Silverstone events ‘dramatic’ but ‘not what F1 wants’

Mark Scott
Lewis Hamilton Mercedes puncture

Formula 1 chief technical officer Pat Symonds is eager not to see a repeat of Pirelli’s bursting tyres and doesn’t want them to be a factor in making the sport entertaining.

The British Grand Prix at Silverstone ended in an incredibly dramatic fashion as race winner Lewis Hamilton held on for the win despite only having three functioning tyres on his black Mercedes W11 car.

Silver Arrows team-mate Valtteri Bottas and Carlos Sainz also suffered late tyre punctures as the Pirelli compounds struggled to cope with the load amid the searing hot track temperatures at the iconic British circuit.

The FIA’s response was to reduce downforce levels by five per cent in 2021 to help ease the pressure on the tyres and more tweaks to the regulations has ensured downforce levels will drop further next year.

This is a move Symonds supports as he wants Formula 1 to be memorable for good racing instead.

“I think that our primary concern is to have good racing, and good racing requires that we have safety,” said Symonds via

“And so the moves that have been made, which we’ve been fully involved with all the way, I think, are very pragmatic.

“The events of Silverstone may have been very dramatic, but they’re not really what we want to make dramatic races here. A lot of other things that can provide dramatic racing without that sort of level of drama.”

Lewis Hamilton tyre failure British GP Pirelli.jpg
Pirelli downplay risk of softer tyres for 70th Anniversary GP.

FIA’s technical head of single seaters, Nikolas Tombazis, also wanted to reassure everyone that the response to Silverstone is not because the current Pirelli tyres are not safe to race on.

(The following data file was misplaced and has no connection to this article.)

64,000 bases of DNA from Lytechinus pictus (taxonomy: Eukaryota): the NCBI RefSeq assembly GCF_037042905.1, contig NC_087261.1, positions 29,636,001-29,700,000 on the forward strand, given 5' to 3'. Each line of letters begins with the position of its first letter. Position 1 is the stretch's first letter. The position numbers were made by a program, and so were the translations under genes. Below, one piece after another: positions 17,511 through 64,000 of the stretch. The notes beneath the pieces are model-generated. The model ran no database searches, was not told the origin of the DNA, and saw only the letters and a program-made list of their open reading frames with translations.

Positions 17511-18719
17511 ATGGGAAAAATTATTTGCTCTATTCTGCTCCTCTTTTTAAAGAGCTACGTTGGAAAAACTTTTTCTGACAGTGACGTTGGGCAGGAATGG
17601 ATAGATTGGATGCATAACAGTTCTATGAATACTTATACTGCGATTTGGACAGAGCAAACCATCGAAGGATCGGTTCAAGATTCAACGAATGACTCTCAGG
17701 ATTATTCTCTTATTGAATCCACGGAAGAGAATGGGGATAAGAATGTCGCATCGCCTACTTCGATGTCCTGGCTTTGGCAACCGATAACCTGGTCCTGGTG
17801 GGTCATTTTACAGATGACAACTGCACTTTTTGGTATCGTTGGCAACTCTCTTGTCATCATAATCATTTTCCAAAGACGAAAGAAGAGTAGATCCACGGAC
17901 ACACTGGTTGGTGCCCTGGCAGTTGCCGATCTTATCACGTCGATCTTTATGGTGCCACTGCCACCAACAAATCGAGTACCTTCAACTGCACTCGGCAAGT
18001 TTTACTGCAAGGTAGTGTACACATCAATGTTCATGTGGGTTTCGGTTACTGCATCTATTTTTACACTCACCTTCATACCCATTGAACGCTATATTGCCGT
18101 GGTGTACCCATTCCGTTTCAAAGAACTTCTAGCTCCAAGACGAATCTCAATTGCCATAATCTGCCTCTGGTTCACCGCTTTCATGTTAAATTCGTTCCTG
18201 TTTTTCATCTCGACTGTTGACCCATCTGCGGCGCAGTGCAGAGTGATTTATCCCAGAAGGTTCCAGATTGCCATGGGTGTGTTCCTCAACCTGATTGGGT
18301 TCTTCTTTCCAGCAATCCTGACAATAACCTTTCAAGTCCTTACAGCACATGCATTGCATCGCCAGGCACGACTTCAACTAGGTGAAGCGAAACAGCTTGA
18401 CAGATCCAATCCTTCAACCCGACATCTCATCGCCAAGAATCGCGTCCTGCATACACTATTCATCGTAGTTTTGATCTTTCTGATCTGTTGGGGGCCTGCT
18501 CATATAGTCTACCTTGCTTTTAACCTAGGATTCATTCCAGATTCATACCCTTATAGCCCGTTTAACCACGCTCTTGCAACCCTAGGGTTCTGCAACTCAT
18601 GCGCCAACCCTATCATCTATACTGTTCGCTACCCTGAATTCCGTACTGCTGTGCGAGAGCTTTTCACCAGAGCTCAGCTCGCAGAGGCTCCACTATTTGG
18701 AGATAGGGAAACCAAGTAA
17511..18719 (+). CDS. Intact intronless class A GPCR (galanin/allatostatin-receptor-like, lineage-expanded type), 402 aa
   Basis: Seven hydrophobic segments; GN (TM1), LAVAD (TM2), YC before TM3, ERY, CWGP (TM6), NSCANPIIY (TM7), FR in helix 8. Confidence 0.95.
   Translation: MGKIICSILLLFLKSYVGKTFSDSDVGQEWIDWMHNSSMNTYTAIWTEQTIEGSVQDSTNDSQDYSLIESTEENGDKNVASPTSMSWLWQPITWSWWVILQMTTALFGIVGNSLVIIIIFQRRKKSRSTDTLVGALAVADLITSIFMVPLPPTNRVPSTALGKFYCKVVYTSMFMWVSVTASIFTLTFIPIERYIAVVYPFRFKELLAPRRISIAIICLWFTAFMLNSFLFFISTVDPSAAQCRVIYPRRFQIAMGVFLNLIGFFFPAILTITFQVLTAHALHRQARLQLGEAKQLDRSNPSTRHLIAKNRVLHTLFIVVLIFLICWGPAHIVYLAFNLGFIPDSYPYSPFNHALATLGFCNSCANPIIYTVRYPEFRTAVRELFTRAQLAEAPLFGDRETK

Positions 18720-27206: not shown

“I’d just like to stress that safety doesn’t in any way imply that the tyres are not safe,” he said.

“The car and tyres are a unit, a single unit working together.

We will have the tyres next year for the third consecutive year, which is an anomaly, of course, because of the COVID crisis, and because of the very intense race schedule that we have now, which has made any testing impractical for new constructions.

“And in the meantime, we have the aerodynamic teams of each F1 team working hard to make the cars more competitive, and finding downforce.

“So that’s the reason for our intervention, and it’s and we believe that’s more or less going to make sure that next year’s cars are going to have slightly lower downforce than this year ,but not a huge amount less after all the development.

“And therefore, we will be a bit safer than this year, but certainly a lot safer than we would be if we had done no intervention at all.”

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